How it works
The Evaporator Fan Controllers are developed for use in walk-in coolers and freezers like the ones found in convenience stores, flower shops, schools, hospitals, cafeterias, etc.
The fans in the evaporator boxes run at normal speed at all times, even if the thermostat is not calling for a cooling cycle. To save money, the Evaporator Fan Controllers monitor the temperature on both the intake and exhaust of the evaporator fan unit.
- When the temperature of the exhaust is lower than that of the intake, the fans will run at normal speed.
- When the temperature of the exhaust is equal to the intake temperature however, the Evaporator Fan Controllers will reduce the speed of the fans to save energy, significantly reducing energy costs.
When the compressor turns back on to meet thermostat requirements, the Evaporator Fan Controllers will then once again return the fans to normal speed. This temperature monitoring and fan speed control allows for energy savings without an impact on the overall temperature of the cooler or freezer.
Evaporator Fan Controllers: Compressor Runtime Comparison
Evaporator Fan Controllers were installed in a walk-in cooler in the Midwestern United States. Recordings were gathered using temperature sensors over the course of six days. The graphs below show the temperature change over a six hour time span which indicate compressor cycles.
Before EFC4045T Installation
After EFC4045T Installation
As shown above:
Cooling cycle is greatly reduced when the EFC sets the evaporator fan unit into low. When fan speeds are reduced, warm air does not mix as quickly with cold air in the walk in cooler. This results in a slower gradual warming cycle. Energy savings can be realized two fold:
- Evaporator fan speed is reduced
- Cooling or compressor "runtime" is reduced
Note: EFC's were installed and are operational in a typical convenience store. Results were derived from actual data taken from a test study done in August of 2010 at:
3949 S. Dixon Rd.
Kokomo, In 46902
Example Calculation of Energy Savings
|Compressor Off Cycle: 75%||Compressor Off Time per Year: 6570 hours||Power Consumption @ Low Speed: 0.036 kW|
|Hours per Year: 8760 hours||Typical Cost of Power: $0.10/kWh **||Power Consumption @ Normal Speed: 0.209 kW|
Measured values for two shaded pole motors in one unit *
(Power Consumption @ Normal Speed - Power Consumption @ Low Speed) x (Compressor Off Time per Year) x (Typical Cost of Power) =
(0.209 kW - 0.036 kW) x (6570 hours/year) x ($0.10/kWh) = $113.66/year
* = Actual measurement from test site.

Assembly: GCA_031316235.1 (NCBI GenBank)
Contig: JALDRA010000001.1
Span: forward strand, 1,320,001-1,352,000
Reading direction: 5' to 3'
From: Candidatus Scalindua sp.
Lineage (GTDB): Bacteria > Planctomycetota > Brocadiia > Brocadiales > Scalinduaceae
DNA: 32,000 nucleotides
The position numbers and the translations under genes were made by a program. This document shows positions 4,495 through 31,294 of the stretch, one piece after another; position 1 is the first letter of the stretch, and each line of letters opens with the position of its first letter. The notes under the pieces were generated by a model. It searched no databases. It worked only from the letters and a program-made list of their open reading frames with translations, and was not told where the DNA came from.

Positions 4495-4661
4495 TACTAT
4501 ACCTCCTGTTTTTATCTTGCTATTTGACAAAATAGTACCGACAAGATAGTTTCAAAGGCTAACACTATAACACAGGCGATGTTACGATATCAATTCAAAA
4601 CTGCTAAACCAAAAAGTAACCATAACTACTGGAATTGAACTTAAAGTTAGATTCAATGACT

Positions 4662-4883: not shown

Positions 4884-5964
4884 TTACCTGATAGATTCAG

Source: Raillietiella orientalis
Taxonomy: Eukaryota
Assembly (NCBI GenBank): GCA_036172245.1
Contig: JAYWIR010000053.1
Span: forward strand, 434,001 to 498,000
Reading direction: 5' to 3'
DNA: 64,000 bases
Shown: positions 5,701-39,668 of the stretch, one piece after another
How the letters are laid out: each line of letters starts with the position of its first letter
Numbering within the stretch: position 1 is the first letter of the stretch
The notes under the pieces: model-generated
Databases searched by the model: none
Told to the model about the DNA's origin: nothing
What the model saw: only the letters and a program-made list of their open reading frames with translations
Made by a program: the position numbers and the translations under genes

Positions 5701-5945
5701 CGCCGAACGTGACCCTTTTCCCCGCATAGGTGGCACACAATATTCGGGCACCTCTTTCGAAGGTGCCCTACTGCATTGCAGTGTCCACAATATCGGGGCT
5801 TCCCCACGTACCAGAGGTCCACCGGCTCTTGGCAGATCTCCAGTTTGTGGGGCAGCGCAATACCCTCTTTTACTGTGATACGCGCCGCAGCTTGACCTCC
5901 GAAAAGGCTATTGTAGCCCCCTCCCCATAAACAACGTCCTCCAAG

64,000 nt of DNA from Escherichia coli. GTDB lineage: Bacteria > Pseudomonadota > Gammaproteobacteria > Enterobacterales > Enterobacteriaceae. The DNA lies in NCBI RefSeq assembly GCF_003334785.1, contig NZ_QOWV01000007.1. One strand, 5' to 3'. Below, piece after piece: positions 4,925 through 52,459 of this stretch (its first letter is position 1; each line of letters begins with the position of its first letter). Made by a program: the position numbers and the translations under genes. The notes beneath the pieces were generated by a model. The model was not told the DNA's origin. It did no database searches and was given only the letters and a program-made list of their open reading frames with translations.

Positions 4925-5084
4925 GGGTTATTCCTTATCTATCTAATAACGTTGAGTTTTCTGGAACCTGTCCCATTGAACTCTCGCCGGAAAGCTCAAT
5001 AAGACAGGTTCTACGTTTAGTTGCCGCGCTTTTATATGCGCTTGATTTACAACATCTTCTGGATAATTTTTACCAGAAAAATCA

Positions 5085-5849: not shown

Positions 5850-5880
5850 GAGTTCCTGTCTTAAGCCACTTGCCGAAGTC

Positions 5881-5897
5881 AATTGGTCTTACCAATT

** = Average US price of electricity as reported by the US Energy Information Administration.
Money Savings Calculator
Want to see how much money you could save? Change the values to meet your specific application and see how much the EFC can save you!
|Compressor Off Cycle:||Savings =
|Compressor Off Time per Year:|
|Cost of Power (per kWh):|
|Typical Power Consumption per Motor:|
|Number of Motors per EFC:|
This calculator is just an estimation of savings. It is in no way a guarantee of cost savings, as each application involves variables that cannot be taken into account in this calculator.
EFC4045T Installation Instructions
Shaded Pole / PSC Motors
- De-energize circuit to evaporator fan box.
- Locate wiring compartment side of the evaporator fan box. (Figure A)
- Use enclosed template to ensure proper spacing.
- Insert screw to hang EFC4045T.
- Hang EFC4045T on installed screw.
- Remove EFC4045T wiring compartment lid and install 2 screws to hold unit in place. (Figure B)
- Install conduit or other alternative applicable wiring such as SJ cord, NM90 wire, etc. in accordance with national and local electrical codes. (Figure C)
- Make appropriate wiring connections per national and local electrical codes. Refer to wiring diagrams below.
- Install Thermistor A (black wires) in exhaust (colder) airflow of evaporator fan box, using provided nylon tie. (Figure C)
- Install Thermistor B (white wires) near intake (warmer) airflow of evaporator fan box, using provided nylon tie. (Figure C)
- Set switches to desired settings. [40 volts (lower airflow, higher energy savings) or 45 volts (higher airflow, lower energy savings)]
- Re-energize circuit to evaporator fan box.
- Test system for proper operation. May take several seconds to switch to normal speed once the compressor is activated.